Victim, 20, known as a devoted dad
Wednesday, January 5, 2011
Jabrill Mara had done a lot of living for a 20-year-old.
He dropped out of high school for a year so he could take care of his newborn daughter. Then he went back and finished school, where he also played nose tackle on the football team. He wrote and recorded hip-hop songs. He had served an internship at a car-repair shop and was set to begin full-time work there this week.
But last week, police found him bloodied and staggering along the Nutley Street ramp to Interstate 66 in the Vienna area of Fairfax County. State troopers thought maybe he had been hit by a car and called for an ambulance. When he got to Inova Fairfax Hospital, though, they found he had been shot twice in the back of the head.
Mara lived for two days, dying Dec. 29. His close-knit family, including his longtime girlfriend, doesn't know what to tell his 2-year-old daughter, Amari.
"They were like Mutt and Jeff," his mother, Deborah Mara, said Tuesday. Whenever Mara needed a backup, he would turn to his daughter and yell, "Right, Amari?" and the toddler would respond, "That's right, Daddy."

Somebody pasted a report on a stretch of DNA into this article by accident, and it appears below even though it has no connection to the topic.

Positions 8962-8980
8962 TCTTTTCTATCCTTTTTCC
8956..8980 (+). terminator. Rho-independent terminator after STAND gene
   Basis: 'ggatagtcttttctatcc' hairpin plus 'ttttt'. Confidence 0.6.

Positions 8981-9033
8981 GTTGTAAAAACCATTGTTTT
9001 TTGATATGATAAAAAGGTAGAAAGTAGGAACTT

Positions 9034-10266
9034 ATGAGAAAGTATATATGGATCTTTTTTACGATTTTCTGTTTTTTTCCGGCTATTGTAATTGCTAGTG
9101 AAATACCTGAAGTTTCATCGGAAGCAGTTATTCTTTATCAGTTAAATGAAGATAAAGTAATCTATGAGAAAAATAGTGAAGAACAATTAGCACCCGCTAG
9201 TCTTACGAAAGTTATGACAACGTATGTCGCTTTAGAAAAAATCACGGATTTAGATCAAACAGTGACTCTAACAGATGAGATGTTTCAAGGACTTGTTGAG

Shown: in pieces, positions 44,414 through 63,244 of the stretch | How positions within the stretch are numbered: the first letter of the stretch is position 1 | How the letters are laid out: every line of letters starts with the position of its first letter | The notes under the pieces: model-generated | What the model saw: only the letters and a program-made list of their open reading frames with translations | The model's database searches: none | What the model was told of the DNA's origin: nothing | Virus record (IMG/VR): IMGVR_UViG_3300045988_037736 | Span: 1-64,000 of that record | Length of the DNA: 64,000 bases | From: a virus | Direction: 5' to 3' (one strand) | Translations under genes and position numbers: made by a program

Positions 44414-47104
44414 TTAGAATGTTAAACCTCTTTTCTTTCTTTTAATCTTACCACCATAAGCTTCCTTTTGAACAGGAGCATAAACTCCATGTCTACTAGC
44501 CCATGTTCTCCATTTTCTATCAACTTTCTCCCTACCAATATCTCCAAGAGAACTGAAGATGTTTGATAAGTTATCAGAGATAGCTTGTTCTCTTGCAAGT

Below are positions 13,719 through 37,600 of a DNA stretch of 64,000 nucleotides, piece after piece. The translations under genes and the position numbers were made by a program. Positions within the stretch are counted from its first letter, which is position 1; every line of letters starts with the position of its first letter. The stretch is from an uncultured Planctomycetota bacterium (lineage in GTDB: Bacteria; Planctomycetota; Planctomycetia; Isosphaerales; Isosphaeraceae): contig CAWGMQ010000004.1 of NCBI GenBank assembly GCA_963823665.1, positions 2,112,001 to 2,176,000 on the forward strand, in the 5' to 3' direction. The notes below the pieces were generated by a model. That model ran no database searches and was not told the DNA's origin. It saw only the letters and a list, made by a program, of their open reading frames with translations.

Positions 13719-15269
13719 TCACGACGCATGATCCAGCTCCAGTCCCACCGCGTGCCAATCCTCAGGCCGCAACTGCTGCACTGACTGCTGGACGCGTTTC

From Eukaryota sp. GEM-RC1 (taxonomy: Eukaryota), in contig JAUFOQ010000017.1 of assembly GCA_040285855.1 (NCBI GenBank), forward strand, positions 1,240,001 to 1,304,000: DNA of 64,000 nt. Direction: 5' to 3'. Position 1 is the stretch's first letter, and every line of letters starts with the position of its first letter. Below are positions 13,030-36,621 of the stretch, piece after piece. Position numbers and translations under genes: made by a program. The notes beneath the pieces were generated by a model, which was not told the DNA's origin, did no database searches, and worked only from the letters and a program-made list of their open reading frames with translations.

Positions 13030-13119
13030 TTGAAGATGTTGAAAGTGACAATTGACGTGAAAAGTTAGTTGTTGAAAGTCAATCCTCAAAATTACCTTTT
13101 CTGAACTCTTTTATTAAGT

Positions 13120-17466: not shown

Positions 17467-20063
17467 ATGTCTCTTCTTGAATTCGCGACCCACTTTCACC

Virginia State Police are in charge of the investigation because Mara was found on an interstate highway, where no vehicle, weapon or witnesses have been found. Police spokeswoman Corinne Geller said investigators had gotten "some really good tips," but no arrests have been made.
Mara was the youngest of Deborah Mara's three children and grew up in her townhouse off Creedmor Drive, near Rolling Road in the Springfield area. It was "the Kool-Aid house," she said, because neighborhood kids rambled in and out at all hours, playing video games, listening to music and watching movies with Jabrill as the master of ceremonies and his mother supervising.
Jabrill Mara was known for regularly shoveling snow and running errands for those older neighbors who needed help, his mother said. He also frequently fixed bikes and tinkered with cars.
Mara attended Cameron Elementary, Key Middle School and Robert E. Lee High School. In his freshman year, he started dating Carina Winston, and she said they never really separated.
"He's the person I called for everything," Winston said. "And he listened. And he remembers everything. We broke up a couple times, but I talked to him every day on the phone. He always saw the big picture. He always thinks before doing anything."
In the couple's junior year, Winston got pregnant. She delivered in September of their senior year, and Mara agreed to stay home with the baby while Winston continued school.
"He did all the daddy stuff," his mother said. "He was in the house all day. He would fix her hair. He did the feedings. He bathed her. He'd dress her. He was an excellent father."